Friday, December 7, 2018

Boyce Thompson Arboretum Fridays, Part 1

Way, way, way back on June 18th we visited the Boyce Thompson Arboretum in Superior, AZ. Our trip south was part of a biggish adventure that would see us driving south from Phoenix to Tucson, across to Las Cruces, and down to El Paso for the flight home. We'd never been to the BT Arboretum and my brother and his family were up for it so off we went.

The Arboretum is about 65 miles east of Phoenix, they advise that you arrive "two or more hours before closing in order to see the gardens"... I would recommend at least four. This place is huge and dense, and you don't want to miss a thing.

I've purposely saved my desert photos for the winter, when I need a reminder of the heat and blue sky. I've divided them up into 4 groups, thus the month of December will feature four "Boyce Thompson Arboretum Fridays". Today will include the entry (these Saguaro are all in the parking lot) and the Sonoran Desert Exhibit (aka the Curandero Trail).

Kinda fun shapes...

And so well planted...

There were plants for sale, so you know I was happy.

Oh! And not just plants, Cholla skeletons.

For sale! But I had no way to get them home as they were all quite large.

Let's survey the other offerings...

I did buy a small pot of Gymnocalycium baldianum (shown here), but that's all.

Onward! Yes, that's Andrew up ahead...

Agave vilmoriniana, it's not all that common to see this beauty in a botanical garden.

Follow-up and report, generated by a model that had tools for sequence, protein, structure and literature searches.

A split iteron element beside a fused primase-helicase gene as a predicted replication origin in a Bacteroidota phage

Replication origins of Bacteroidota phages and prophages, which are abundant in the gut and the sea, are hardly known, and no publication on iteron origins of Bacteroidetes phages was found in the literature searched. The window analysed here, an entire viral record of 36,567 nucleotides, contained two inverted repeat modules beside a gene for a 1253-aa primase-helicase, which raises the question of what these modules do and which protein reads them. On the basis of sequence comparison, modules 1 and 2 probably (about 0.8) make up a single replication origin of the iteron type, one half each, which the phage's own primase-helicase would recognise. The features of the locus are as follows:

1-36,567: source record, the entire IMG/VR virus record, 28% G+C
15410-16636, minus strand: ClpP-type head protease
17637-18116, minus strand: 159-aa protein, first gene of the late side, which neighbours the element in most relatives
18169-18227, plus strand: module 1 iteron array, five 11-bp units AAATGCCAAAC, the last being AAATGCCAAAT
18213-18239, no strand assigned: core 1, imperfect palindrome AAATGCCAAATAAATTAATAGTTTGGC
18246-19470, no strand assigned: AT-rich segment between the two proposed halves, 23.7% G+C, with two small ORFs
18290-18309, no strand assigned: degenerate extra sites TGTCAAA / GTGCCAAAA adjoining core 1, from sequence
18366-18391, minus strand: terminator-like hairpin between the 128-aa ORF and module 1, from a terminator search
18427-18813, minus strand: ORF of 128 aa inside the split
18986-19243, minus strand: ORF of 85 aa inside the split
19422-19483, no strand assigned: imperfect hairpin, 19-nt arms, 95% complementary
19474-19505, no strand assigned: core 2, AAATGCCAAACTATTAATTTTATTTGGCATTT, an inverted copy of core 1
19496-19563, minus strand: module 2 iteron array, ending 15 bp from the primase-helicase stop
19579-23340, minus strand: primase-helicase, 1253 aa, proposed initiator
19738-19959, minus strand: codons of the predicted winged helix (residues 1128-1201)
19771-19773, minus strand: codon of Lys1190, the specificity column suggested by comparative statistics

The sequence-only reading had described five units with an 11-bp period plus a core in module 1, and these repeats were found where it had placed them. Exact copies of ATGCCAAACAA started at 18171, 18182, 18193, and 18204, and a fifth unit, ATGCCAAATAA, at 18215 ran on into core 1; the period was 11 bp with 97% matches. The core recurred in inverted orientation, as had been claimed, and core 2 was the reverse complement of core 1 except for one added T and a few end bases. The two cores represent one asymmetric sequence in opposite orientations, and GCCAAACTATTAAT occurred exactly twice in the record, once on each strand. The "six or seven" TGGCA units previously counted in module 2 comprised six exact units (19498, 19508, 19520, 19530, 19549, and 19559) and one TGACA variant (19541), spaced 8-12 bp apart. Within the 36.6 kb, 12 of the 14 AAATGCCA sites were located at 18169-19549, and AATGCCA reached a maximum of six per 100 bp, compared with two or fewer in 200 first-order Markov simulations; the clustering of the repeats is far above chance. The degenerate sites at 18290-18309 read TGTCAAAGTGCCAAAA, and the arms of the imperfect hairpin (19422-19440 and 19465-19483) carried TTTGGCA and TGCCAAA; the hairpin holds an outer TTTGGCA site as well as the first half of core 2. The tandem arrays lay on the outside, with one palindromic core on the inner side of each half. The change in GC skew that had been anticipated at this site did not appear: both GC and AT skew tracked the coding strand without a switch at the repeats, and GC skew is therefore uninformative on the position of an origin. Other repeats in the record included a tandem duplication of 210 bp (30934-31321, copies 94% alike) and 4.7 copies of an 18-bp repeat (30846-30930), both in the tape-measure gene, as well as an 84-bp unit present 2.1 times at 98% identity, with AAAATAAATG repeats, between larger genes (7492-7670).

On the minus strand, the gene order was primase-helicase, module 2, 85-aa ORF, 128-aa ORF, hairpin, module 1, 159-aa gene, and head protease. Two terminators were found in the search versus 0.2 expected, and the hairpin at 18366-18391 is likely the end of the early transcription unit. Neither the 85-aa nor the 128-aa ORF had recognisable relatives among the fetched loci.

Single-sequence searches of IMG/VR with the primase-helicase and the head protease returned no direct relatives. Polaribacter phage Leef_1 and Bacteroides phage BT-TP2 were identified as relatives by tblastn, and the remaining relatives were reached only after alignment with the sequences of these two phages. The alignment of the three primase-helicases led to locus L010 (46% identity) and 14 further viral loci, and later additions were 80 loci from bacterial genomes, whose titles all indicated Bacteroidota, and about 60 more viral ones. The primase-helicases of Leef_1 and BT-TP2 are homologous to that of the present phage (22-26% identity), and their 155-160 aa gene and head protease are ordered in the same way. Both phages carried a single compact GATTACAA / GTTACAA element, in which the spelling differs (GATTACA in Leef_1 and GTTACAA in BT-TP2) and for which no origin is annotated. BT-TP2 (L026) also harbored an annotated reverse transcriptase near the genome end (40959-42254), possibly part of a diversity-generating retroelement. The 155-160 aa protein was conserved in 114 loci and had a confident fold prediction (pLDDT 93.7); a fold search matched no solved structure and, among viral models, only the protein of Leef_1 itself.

Gifts from the Goddess of Agave...

A five-fingered Saguaro!

And a multi-toed Opuntia.

And a...guess it...fern!
Notholaena sinuata/wavy cloak fern, all those in hot climates who say they can't grow ferns, have you tried this one?

The heavens are blessing this Agave bloom.

Off in the distance...

Up close...

And even closer...

The base...

I do love me an Ocotillo.

The blooms have faded.

Opuntia bigelovii, aka teddy-bear Cholla

Agave murpheyi: "the leaves of Century Plant are traditionally dried or used fresh as a bitter tea to relieve indigestion, gas, constipation, water retention and arthritis. Prolonged internal use interferes with the absorption of vitamins in the small intestines. Before antibiotics, Maguey was used in Mexico to treat venereal diseases."


Bloom with bulbils.

Sun-burnt bulbils.

This blooming guy (Ferocactus emoryi I believe), is a great example of why people thought those lame little straw flowers should be glued on cactus at the big box store.

Dasylirion some something...


This raised planting was post-Sonoran trail, it seemed to be a collection of small succulents that liked a little moisture and shade.

Aloe maculata/Aloe saponaria perhaps?

Next Friday we're on to an extremely brief look at the Australian desert and a little greenhouse exploration.

Weather Diary, Dec 6: Hi 44, Low 34/ Precip 0

All material © 2009-2018 by Loree Bohl for danger garden. Unauthorized reproduction prohibited and just plain rude.

Thursday, December 6, 2018

Designing With Palms, a book review

This beautiful book has been sitting on our ottoman (we have no coffee table) since last February...

I'd pick it up, start reading, get over whelmed, and put it back down. Over and over for months. To say that it's information rich is an understatement. Jason Dewees knows palms. Once I finally let myself just skim—at times reading in-depth, at times not—without attempting to absorb it all, then I really enjoyed it. This book will be extremely useful when I want to learn more about a specific palm I come across in my travels, since unfortunately most of the plants profiled aren't hardy in my Zone 8, Portland, Oregon garden. While the average palm enthusiast will no doubt enjoy this book, it's main audience is—as the title would suggest—garden designers.